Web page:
Learn photography, make new friends! 

Sura is an Arabic word for photograph. AANM’s SURA Arts Academy – a 2008 winner of the prestigious Coming Up Taller Award from the President’s Committee on Arts and the Humanities – helps students learn to interact with an increasingly diverse world through photography. 

The program offers the use of a digital camera and classroom instruction by photographers and teaching artists over the course of a semester. Students will develop skills in composition, color, lighting, image storytelling, and social media sharing. 

The curriculum includes: visual presentations, photographic and writing assignments, discussions, critiques and guest artist visits. Using photography and AANM’s digital community history lab, students will tell stories about their lives, community, and culture.

Students' work is later exhibited at AANM's Student Photography Exhibition.

SURA Arts Academy 2018 Spring Semester (Ages 10-16)
Tuesdays, Feb. 6 - April 24, 2018
4:30-6:30 p.m. @ AANM

A professional instructor will lead middle and high school students in a 10-week photography course designed to help students tell stories about their lives, community and culture, centered on this year's themes of synergy, unity and community, with a focus on social justice and empowerment. Cameras are provided by AANM. Students' work will be celebrated in AANM's annual Student Photography Exhibition. Register now; space is limited to 20 students! All levels of experience welcome. 

Fee: $50 AANM Members; $75 general public

Scholarships awarded based on financial need + availability
SURA scholarship application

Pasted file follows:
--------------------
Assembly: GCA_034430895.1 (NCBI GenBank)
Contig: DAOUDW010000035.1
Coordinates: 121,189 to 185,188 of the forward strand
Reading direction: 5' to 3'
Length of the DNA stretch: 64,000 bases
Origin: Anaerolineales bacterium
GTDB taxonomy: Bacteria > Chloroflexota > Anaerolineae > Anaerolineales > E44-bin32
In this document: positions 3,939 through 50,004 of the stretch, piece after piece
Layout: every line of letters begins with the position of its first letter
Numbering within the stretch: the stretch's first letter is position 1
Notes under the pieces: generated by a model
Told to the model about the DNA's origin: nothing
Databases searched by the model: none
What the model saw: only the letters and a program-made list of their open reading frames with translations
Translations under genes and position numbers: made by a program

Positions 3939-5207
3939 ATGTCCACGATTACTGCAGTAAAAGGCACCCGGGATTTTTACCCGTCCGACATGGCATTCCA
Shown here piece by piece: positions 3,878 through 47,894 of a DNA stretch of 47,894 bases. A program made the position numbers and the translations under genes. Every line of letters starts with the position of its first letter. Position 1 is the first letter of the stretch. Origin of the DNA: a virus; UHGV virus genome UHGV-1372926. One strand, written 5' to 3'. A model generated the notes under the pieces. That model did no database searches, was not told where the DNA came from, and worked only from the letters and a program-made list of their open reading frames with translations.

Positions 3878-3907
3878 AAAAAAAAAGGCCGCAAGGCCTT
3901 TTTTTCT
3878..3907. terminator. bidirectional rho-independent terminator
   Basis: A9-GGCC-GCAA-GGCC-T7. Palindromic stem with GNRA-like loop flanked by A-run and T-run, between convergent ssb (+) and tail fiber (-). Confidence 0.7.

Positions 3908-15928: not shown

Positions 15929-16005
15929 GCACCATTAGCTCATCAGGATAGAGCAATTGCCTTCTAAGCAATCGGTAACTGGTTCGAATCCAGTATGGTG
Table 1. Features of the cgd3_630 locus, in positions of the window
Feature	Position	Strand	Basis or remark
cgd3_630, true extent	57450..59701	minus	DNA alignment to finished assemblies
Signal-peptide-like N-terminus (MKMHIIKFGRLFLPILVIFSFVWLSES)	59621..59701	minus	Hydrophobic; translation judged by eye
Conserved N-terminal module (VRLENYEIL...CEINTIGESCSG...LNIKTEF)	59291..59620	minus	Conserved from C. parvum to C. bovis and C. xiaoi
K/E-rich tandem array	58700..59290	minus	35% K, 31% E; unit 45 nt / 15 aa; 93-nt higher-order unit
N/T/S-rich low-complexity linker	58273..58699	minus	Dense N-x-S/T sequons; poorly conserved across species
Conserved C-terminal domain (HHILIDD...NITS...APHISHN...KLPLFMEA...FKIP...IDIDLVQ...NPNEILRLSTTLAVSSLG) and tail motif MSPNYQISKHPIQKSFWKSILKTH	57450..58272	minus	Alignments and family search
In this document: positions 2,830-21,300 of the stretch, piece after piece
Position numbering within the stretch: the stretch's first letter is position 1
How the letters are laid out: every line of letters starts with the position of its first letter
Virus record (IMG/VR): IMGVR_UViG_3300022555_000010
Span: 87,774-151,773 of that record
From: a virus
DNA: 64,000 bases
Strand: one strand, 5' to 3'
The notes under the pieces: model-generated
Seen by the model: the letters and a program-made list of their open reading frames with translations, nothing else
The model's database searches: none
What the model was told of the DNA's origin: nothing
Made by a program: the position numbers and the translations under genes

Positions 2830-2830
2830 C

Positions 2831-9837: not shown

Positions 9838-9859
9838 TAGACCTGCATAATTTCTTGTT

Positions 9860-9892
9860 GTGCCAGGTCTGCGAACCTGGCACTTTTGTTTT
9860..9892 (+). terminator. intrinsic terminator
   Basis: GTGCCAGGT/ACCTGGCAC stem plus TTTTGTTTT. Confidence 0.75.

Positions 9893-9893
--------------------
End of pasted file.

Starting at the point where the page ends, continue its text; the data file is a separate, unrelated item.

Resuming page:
Registration deadline: 5 p.m. Friday, Feb. 2, 2018


Above: Jasmine Altamimi.
Below: Altamimi's exhibited photos; the first one was sold at the Art of Resilience Festival.

“SURA is more than a program to me. Most of the time it feels like home. I have had the pleasure of being a part of this program since summer 2014. In most of these classes, I had the same teacher: Ms. Ali (pronounced ally). I learned so much that I didn't know about the community around me. She taught me that through art, we can give back. I admired how passionate and driven she was. When she spoke of her art, you could see that little light in her eyes. Ms. Ali was also working with many projects that help people/improve Detroit, and she took us to some of these sights. When we drove by the houses, I realized how blessed I am. There's one project that stuck out in my memory the most. It was to help women that are new to the country. The project was to help these women find homes (also their families), and then fix them up. The part where we actually saw one of the houses is one I will never forget. The walls in the living room were freshly painted. We sat on the worn down leather couches and spoke with these wonderful people who worked on the house. They told us that they already had a family listed for that house. In that moment, sitting inside a house with no air conditioning on a hot summer day, I realized that all the movies and media were wrong. Heroes are ordinary people right in front of us. This may sound cheesy, but since that moment I wanted to give back to my community just like those people have. SURA has given me the opportunity to do that, and let me say there's no better feeling than giving back; whether it's a form of art or rebuilding houses.” 

Former student from 2014-2015 and SURA Intern for July 2016, Jasmine Altamimi, Fordson High School Student.


This program is made possible in part by


13624 Michigan Avenue, Dearborn, MI 48126 - Phone (313) 582-AANM (2266) A Project of ACCESS